Rapid advances in technology are allowing terrorists to operate “out of the reach” of British spies, the head of MI5, Andrew Parker has claimed.
Speaking to the the BBC’s Today programme, Parker called on social media and technology companies to cooperate with investigations into “severe” terrorism threats. In the first ever live interview from a serving intelligence chief, Parker said technological innovation was making it harder to track terror suspects and that encryption and communication tools were especially worrisome.
His call to international tech companies comes in a year when MI5 has intercepted six terror attempts, the highest number in any year Parker can remember.
According to Parker MI5 is concerned about people “using secure apps and internet communication to try and broadcast their message”. Parker claimed that new technology was allowing people to “incite and direct terrorism amongst people who live here who are prepared to listen to their message”.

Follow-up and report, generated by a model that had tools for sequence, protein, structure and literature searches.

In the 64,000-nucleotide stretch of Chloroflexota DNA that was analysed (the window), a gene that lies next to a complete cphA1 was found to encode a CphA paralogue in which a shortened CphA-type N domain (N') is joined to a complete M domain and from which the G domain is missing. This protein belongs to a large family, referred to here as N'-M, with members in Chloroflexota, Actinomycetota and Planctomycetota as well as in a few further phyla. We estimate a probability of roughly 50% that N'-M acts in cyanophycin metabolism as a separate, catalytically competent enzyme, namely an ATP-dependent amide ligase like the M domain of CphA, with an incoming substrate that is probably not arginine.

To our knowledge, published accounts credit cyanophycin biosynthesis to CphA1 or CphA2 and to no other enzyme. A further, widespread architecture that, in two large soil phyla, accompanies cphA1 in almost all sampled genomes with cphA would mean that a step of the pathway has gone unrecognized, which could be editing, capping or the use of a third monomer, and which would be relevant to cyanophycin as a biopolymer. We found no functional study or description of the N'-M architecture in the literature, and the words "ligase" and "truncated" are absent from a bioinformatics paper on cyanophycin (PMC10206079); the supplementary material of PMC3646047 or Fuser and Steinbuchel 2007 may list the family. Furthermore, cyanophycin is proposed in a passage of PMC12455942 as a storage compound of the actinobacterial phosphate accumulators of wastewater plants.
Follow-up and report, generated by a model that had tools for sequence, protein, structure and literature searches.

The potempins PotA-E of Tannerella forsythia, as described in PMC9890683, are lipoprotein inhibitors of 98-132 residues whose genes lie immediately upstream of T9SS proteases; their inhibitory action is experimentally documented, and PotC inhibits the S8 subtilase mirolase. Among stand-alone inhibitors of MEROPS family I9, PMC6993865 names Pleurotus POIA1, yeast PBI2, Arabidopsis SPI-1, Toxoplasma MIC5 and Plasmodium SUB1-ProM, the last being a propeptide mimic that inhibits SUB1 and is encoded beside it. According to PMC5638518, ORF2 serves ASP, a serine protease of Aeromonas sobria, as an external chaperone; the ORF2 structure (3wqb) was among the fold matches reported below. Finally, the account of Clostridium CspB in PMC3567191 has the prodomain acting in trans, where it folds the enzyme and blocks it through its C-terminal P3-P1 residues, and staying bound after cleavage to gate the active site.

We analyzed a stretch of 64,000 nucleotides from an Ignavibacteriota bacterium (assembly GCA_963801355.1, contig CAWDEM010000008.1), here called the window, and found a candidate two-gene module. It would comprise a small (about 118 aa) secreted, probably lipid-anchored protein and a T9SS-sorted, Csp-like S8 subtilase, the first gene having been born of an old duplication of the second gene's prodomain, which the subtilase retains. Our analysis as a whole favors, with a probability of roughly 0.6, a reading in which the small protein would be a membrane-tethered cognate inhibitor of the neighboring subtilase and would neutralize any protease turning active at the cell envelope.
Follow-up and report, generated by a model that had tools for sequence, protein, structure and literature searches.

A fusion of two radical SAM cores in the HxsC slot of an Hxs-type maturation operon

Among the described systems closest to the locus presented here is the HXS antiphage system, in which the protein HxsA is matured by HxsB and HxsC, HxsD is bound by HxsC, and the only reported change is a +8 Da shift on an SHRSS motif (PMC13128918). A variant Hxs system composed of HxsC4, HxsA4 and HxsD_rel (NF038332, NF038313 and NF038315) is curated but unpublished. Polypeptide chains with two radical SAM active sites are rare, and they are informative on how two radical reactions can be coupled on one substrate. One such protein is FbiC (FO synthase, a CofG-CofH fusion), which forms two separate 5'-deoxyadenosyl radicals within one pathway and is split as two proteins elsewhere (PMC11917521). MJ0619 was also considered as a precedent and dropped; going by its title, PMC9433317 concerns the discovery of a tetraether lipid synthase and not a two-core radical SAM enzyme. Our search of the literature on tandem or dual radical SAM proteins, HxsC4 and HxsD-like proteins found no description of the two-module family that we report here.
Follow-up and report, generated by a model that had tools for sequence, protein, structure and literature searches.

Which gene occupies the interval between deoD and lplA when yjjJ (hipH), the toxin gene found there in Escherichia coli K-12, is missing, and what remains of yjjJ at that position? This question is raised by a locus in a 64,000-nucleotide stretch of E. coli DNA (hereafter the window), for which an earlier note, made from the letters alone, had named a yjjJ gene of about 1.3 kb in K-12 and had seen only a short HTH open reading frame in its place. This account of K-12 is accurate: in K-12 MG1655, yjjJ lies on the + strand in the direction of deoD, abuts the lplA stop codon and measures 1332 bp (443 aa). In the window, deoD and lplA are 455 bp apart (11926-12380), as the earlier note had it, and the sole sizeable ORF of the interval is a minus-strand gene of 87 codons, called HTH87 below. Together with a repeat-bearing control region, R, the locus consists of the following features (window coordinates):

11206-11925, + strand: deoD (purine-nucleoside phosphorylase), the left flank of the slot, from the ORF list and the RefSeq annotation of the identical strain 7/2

“If it’s something that concerns terrorism or concerns child sex exploitation or some other appalling area of crime, then why would the company not come forward?” he asked. An international agreement, whereby companies have an understanding with security agencies such as MI5, Parker argued, could be used to protect society “from people who mean them harm”.
The interview comes as parliament draws up the controversial Communications Data Bill that is expected to expand and clarify the UK’s data surveillance powers. Parker said he welcomed updates to legislation drafted in 2002, but said MI5 would play no part in deciding what the new legislation should be.
“It’s a fundamental point about what MI5 is. It’s for us to follow what’s set by parliament, and that’s what we do,” he said.
“We’re focused on the people who mean us harm. We’re not about browsing through the lives of the citizens of this country. We do not have population-scale monitoring,” Parker said. But MI5 does need the power to “monitor the communications of terrorists, spies and others.”
At the end of the interview Parker claimed those who work for MI5 were more ordinary than people might imagine. He also described recent James Bond films as “so distant from reality that we can all enjoy the fiction”.
Updated 17/09/15, 14:40: This article has been updated as the original photo showed the MI6 building, not MI5.